This is my favorite Halloween tradition. Since I was a tiny, I have watched the Dr. Seuss Halloween special, “Halloween Is Grinch Night” (1977), nearly every year. I feel intensely nostalgic when I watch it, but it’s undeniably worth watching at any age—for the first time or the six hundred and sixtieth time. It seriously freaked me out as a kid, but the more I grow up, the scarier it gets.
From my experience of making everyone at Halloween parties watch it, “Grinch Night” is often overlooked and unknown. That’s sad because it’s a strange and fantastic cartoon and I love it. Also, it’s responsible for the line, “It’s a wonderful night for eyebrows.” It’s embedded from the youtubes below, so indulge yourself, and I want to hear your thoughts about it.
As a kid, the highlight was, of course, the monster montage. I mean, it’s an excuse for Seuss to draw lots of monsters—what’s not to like? Two of them have always been creepiest, both static shots: the flashlight people and the black bird man. Nowadays its the scenes framing the “First-Class Grinching” that I appreciate. The scene before, where the Grinch invites Euchariah up to the Paraphernalia Wagon, always gives me chills. The eerie music adds to the buildup as Euchariah climbs those odd pegs that pop out of the wagon, and Euchariah’s willingness to be scared. I can’t help but watch that part wide-eyed and grinning.
The other thing I love about this cartoon is the odd, respectful antagonism between Euchariah and the Grinch. Maybe it’s because the Grinch is the main character in his own right, which allows him more sympathy from the viewer. The way they talk to each other is so unlike what I’m used to seeing in kids’ shows. Of course they’re enemies, and it’s pretty clear who’s trying to hurt the other, but Euchariah faces the Grinch on a thoughtful, humanitarian level. If you’re at all familiar with Dr. Seuss’s work, you know that politics are just as important in his work as rhyming and bizarre creatures. The overtones in “Grinch Night” are pretty hard to miss, and more than likely you’ll see the Grinch as a stand-in for various people and movements throughout history. That makes it all the more peculiar to see Euchariah confronting the Grinch with (what I take to be) respect for the Grinch’s humanity, rather than demonizing him.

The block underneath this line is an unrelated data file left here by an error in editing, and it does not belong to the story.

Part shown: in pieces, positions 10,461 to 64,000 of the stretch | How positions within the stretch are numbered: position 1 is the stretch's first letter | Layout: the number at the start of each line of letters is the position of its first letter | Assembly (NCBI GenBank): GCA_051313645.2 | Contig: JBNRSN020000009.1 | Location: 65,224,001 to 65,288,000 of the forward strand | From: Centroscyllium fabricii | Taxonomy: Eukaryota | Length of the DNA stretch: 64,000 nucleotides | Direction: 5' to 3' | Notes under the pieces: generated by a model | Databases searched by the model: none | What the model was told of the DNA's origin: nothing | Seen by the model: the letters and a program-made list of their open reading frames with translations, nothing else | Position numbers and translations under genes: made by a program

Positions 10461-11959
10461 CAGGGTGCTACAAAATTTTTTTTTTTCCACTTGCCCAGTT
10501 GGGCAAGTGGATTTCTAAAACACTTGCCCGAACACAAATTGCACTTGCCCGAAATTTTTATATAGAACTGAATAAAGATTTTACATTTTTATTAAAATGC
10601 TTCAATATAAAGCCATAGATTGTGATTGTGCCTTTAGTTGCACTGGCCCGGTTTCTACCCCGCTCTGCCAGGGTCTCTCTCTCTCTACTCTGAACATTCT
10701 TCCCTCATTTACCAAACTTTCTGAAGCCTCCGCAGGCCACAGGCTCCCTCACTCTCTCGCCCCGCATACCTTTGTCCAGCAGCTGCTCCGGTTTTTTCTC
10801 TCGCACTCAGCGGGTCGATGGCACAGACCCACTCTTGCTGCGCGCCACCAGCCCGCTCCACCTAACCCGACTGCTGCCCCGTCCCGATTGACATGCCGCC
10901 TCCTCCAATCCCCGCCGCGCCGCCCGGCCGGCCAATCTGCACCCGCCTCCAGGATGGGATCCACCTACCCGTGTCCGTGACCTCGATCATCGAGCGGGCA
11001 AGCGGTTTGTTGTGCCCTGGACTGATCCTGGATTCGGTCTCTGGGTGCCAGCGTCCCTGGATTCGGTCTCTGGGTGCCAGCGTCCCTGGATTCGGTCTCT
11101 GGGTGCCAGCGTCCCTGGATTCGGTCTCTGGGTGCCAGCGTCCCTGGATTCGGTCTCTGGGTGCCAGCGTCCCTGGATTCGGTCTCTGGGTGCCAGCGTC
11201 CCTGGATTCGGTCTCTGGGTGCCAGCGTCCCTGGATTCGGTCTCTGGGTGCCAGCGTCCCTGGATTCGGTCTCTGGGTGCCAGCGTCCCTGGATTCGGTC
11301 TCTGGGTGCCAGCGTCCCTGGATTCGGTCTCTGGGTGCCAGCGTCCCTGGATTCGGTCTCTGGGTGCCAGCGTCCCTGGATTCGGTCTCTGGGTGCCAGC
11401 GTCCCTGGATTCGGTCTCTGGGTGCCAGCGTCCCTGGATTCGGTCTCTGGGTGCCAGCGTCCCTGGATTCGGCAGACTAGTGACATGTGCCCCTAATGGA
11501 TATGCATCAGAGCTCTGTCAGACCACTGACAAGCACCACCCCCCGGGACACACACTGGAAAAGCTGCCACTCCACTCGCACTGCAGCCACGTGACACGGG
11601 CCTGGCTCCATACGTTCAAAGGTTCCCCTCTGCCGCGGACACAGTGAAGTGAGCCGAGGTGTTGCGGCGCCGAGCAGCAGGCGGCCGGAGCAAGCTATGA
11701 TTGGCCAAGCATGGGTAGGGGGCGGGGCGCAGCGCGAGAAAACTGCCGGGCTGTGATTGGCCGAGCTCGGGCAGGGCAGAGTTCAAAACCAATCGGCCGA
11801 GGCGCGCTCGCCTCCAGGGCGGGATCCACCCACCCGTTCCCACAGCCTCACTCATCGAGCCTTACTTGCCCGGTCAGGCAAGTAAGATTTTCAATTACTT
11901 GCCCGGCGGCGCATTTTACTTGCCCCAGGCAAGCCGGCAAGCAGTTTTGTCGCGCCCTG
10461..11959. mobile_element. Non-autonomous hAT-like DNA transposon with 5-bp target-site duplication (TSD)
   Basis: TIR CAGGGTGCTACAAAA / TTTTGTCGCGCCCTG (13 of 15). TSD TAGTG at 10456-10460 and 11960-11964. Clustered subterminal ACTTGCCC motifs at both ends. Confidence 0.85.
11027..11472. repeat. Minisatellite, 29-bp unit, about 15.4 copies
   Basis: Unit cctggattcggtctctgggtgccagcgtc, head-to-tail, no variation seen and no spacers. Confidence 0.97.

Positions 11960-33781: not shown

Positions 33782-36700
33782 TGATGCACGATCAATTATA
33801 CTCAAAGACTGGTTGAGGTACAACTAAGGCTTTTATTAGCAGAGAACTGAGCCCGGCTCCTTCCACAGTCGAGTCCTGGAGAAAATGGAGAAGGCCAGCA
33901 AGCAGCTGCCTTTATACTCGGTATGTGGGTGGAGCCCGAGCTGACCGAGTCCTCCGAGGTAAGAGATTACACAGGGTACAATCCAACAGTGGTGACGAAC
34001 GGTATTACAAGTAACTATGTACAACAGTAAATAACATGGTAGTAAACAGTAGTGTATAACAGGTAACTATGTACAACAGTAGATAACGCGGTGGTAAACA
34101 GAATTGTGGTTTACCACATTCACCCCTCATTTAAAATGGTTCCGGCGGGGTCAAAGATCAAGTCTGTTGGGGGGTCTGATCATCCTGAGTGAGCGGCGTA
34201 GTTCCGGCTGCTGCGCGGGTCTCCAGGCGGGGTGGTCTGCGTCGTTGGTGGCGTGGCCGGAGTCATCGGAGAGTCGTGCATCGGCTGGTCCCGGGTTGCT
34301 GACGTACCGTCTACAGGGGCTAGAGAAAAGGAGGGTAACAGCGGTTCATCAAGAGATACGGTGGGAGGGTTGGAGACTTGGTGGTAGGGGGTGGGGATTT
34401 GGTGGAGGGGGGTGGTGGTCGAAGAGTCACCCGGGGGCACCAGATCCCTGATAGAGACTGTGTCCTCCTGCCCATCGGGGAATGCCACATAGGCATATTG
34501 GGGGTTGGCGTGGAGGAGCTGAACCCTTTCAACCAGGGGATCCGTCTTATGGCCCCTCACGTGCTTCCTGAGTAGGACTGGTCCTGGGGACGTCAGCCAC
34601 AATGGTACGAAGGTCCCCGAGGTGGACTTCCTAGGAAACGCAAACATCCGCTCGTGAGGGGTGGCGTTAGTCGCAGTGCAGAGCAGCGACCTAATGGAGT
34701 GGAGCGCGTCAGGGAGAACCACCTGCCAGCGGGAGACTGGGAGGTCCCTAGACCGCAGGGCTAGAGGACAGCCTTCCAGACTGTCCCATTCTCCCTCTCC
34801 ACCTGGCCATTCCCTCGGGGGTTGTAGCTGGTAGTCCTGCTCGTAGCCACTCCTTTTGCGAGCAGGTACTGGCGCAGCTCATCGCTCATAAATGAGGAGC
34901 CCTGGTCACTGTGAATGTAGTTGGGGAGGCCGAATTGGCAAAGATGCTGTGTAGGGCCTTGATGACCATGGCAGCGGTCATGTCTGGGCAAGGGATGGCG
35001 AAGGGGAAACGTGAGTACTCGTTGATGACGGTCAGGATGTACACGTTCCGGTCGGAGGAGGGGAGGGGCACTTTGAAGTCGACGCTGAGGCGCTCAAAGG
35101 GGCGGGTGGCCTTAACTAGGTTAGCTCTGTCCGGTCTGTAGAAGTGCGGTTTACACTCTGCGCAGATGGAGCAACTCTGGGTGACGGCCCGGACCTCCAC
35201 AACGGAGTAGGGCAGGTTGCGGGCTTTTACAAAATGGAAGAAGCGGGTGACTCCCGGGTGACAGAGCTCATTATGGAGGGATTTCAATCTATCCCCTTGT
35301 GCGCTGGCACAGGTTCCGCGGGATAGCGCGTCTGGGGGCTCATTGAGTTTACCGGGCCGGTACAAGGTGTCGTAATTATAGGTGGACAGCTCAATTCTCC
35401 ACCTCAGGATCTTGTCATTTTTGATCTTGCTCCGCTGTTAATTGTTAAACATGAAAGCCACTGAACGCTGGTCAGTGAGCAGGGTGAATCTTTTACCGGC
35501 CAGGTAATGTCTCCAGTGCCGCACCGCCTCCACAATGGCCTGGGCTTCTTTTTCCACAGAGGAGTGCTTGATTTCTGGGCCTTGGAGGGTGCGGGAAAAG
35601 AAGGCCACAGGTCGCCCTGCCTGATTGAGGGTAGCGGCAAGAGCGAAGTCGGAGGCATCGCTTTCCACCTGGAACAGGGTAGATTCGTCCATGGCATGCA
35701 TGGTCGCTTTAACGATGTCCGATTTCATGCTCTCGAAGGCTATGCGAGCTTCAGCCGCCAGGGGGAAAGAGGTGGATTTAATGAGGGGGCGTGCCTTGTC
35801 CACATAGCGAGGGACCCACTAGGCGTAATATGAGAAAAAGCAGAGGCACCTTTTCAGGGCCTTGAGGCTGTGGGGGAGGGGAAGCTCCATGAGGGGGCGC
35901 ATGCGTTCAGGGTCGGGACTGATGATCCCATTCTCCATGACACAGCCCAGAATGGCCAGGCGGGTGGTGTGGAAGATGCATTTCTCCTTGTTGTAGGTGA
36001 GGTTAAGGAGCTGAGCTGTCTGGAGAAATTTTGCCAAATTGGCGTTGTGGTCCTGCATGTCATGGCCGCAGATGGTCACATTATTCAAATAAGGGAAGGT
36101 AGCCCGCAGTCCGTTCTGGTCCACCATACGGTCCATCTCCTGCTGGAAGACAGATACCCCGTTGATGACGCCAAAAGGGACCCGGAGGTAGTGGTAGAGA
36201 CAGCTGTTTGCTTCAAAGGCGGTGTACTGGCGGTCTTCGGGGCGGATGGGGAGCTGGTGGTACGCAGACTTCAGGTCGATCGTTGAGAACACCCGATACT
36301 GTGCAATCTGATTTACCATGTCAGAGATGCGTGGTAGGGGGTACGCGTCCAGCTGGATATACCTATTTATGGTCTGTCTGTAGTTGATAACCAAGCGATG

When confronting the harmful words and actions of others, it’s important to hold onto the rights that make your society worth defending. That’s what Euchariah means to me.